Hold rates, tax hot money

Money Globe

Cross-posted from Henry Thornton.

THE Reserve Bank is widely expected to leave cash rates unchanged today, a judgment with which I agree.

Global conditions are looking better, though attempts to solve the Cyprus crisis involving theft of bank deposits has created a nasty precedent. Local economic conditions are looking better, but the labour market is far weaker than official statistics suggest.

Directors of the bank, mostly Labor appointees, must be watching with astonishment the foolish and outdated class war being waged by the failing Gillard government. It is time for the central bank to stand firm and provide a beacon of stability in a generally volatile environment. I am confident that this will be the case, except for the unresolved issue of the value of the Australian dollar.

The latest official forecasts of global prospects were presented late last week by Pier Carlo Padoan, OECD deputy secretary-general and chief economist. He said progress was generally positive, though risks remained high. The US economy has rebounded this year, and concerns about the “fiscal cliff” are receding, perhaps only until the next round of political head-butting. The proportion of Americans in jobs, however, has not risen by much, and there is the important problem of how the US Fed will restore a more normal monetary policy.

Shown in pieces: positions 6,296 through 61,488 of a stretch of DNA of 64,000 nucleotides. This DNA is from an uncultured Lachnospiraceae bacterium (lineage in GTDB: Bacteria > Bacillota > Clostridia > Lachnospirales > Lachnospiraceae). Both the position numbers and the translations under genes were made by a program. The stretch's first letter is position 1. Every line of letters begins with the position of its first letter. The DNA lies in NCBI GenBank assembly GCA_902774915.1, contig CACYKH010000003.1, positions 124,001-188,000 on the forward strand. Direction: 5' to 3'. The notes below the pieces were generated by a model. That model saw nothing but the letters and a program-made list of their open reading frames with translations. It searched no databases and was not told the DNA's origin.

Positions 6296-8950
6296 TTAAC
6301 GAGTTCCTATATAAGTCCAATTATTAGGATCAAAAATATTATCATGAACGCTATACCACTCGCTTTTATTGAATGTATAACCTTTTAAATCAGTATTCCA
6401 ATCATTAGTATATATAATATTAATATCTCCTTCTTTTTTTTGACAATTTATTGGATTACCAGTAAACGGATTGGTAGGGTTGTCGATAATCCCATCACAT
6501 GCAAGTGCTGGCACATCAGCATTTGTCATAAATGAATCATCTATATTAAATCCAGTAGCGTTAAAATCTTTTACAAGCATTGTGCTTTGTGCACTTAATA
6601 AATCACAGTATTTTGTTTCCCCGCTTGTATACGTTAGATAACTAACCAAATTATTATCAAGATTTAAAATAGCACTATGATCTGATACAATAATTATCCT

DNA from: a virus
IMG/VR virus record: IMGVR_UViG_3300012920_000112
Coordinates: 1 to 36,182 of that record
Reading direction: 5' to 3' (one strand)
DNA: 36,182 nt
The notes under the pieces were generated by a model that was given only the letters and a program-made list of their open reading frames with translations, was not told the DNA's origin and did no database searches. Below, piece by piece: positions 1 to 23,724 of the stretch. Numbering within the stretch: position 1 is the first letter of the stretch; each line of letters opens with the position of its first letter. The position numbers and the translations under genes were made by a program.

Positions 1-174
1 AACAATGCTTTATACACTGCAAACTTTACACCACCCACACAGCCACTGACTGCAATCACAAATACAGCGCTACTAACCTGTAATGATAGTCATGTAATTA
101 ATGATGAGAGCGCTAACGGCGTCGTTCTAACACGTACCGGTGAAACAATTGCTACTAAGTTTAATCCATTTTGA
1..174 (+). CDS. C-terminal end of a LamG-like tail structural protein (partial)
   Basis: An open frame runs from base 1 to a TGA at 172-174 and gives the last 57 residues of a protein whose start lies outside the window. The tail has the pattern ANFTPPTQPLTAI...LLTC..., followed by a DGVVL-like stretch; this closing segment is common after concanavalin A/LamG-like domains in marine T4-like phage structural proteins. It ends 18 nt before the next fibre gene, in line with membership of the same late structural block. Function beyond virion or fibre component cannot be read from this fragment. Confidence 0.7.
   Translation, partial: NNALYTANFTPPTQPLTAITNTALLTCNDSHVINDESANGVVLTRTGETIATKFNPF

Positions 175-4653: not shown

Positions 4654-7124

Japan has responded to new and more decisive political leadership and its central bank is now being run by a man committed to joining the global push for easy monetary policy. Moving forward will replace moving backward, at least for a time.

The venerable Bank of England has been deemed so incompetent that it has had to look outside to find a new governor. The outgoing governor Mervyn King advised an event at the London School of Economics (Henry’s alma mater): “Whichever crisis we are talking about it is far from over. There will surely be many unexpected twists and turns before we can truly say that the crisis is indeed over.”

US Fed chairman, Ben Bernanke, present at the same event, reportedly provided a robust defence of cheap money to promote recovery.

Within the troubled eurozone, there is a renewed divergence between growth in Germany, which is likely to pick up strongly over the first half of this year, and that of other countries, which will remain slow or negative.